And for extending the fundamental principles of civil and religious liberty, which form the basis whereon these republics, their laws and constitutions are erected; to fix and establish those principles as the basis of all laws, constitutions and governments, which forever hereafter shall be formed in the said territory; to provide also for the establishment of States and permanent government therein, and for their admission to a share in the federal Councils on an equal footing with the original States, at as early periods as may be consistent with the general interest,

. . .

Article the First. No person demeaning himself in a peaceable and orderly manner shell ever be molested on account of his mode of worship or religious sentiments in the said territory.

. . .

Article the Third. Religion, Morality AND KNOWLEDGE BEING NECESSARY TO GOOD GOVERNMENT AND THE HAPPINESS OF MANKIND, Schools and the means of education shall forever be encouraged. The utmost good faith shall always be observed towards the Indians, their lands and property shall never be taken from them without their consent; and in their property, rights and liberty, they never shall be invaded or disturbed, unless in just and lawful wars authorised by Congress; but laws founded in justice and humanity shall from time to time be made for preventing wrongs being done to them, and for preserving peace and friendship with them.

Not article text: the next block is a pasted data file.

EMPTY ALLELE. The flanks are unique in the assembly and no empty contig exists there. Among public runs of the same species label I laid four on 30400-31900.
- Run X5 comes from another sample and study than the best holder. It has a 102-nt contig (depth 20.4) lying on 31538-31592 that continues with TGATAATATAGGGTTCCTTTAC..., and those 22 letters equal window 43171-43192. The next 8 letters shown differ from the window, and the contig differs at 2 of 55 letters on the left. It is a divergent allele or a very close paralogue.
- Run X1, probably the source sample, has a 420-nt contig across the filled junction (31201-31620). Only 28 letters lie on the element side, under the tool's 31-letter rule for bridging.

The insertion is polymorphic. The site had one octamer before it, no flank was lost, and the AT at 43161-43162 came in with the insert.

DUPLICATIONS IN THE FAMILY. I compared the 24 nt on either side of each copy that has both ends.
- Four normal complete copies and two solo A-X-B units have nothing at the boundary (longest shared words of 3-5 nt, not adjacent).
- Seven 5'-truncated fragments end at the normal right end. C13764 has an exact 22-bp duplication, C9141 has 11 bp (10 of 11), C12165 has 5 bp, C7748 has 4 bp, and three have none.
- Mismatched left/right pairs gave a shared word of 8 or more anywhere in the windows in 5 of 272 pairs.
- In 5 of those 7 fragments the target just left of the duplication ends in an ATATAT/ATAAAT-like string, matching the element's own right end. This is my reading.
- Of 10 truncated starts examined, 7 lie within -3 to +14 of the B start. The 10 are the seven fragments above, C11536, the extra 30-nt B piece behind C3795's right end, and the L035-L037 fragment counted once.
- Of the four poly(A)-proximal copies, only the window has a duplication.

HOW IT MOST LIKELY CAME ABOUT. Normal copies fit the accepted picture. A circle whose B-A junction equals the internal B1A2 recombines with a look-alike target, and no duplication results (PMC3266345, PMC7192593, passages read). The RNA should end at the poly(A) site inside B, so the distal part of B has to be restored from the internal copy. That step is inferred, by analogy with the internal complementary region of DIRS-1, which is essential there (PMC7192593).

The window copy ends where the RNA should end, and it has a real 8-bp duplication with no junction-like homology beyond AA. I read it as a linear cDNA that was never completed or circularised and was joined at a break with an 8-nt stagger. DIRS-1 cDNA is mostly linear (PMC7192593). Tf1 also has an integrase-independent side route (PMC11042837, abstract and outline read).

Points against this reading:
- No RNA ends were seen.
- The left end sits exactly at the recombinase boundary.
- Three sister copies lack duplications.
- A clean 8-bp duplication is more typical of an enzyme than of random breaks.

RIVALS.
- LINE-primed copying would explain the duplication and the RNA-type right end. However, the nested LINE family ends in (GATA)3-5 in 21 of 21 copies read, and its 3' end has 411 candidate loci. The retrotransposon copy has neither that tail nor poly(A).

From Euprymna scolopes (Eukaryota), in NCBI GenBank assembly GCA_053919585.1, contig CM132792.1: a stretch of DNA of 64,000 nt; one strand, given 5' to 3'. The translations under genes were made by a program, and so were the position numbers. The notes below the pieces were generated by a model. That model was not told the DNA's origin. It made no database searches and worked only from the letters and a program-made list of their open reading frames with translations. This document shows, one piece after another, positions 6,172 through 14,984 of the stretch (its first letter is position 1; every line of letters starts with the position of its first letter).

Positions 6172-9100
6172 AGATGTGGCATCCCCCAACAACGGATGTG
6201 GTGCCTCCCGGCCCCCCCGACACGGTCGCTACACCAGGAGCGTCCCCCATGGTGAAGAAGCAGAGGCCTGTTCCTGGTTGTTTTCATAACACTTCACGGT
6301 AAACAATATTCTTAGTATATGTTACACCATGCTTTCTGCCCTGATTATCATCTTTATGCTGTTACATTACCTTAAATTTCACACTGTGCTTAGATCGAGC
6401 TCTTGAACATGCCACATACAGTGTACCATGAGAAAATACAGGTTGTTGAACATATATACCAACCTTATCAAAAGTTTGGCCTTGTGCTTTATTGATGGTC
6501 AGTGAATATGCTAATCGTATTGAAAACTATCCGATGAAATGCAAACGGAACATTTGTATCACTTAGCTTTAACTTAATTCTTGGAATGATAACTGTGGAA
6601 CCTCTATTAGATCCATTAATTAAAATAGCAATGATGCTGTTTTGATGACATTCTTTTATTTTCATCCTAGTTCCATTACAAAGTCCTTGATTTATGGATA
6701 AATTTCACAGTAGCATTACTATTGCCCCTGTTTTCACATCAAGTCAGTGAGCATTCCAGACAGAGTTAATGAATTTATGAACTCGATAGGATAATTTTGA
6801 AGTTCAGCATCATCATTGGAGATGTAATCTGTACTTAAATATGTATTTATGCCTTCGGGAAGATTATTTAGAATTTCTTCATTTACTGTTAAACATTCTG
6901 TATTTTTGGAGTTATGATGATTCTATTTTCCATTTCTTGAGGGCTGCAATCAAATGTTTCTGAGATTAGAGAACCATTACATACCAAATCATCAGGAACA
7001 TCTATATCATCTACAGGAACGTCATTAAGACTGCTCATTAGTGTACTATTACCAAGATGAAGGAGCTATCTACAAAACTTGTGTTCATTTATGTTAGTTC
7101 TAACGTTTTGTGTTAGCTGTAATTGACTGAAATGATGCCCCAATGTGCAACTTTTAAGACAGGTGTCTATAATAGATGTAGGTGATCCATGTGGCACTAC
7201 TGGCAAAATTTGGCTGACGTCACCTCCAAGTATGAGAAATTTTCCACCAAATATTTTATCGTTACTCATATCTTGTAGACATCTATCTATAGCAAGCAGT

. . .

Be it Ordained by the Authority aforesaid, that the Resolutions' of the 23rd of April 1784 RELATIVE TO THE SUBJECT OF THIS ORDINANCE be, and the same are hereby repealed and declared null and void.

'Done &c.

On passing the above Ordinance the yeas and nays being required by Mr. [Abraham] Yates

MASSACHUSETTS,      AY
Mr. Holten, ay
Mr. Dane, ay
VIRGINIA,     AY
Mr. Grayson, ay
Mr. R. H. Lee, ay
Mr. Carrington, ay
NEW YORK     AY
Mr. Smith, ay
Mr. Haring, ay
Mr. Yates, ay
NORTH CAROLINA     AY
Mr. Blount, ay
Mr. Hawkins, ay
NEW JERSEY     AY
Mr. Clark, ay
Mr. Schurman, ay
SOUTH CAROLINA     AY
Mr. Kean, ay
Mr. Huger, ay
DELAWARE      AY
Mr. Kearny, ay
Mr. Mitchell, ay
GEORGIA     AY
Mr. Few, ay
Mr. Pierce, ay

So it was resolved in the affirmative.

(And became the law of the land)

Source of Information:

Journals of the Continental Congress, Vol. 32, pp 334-343.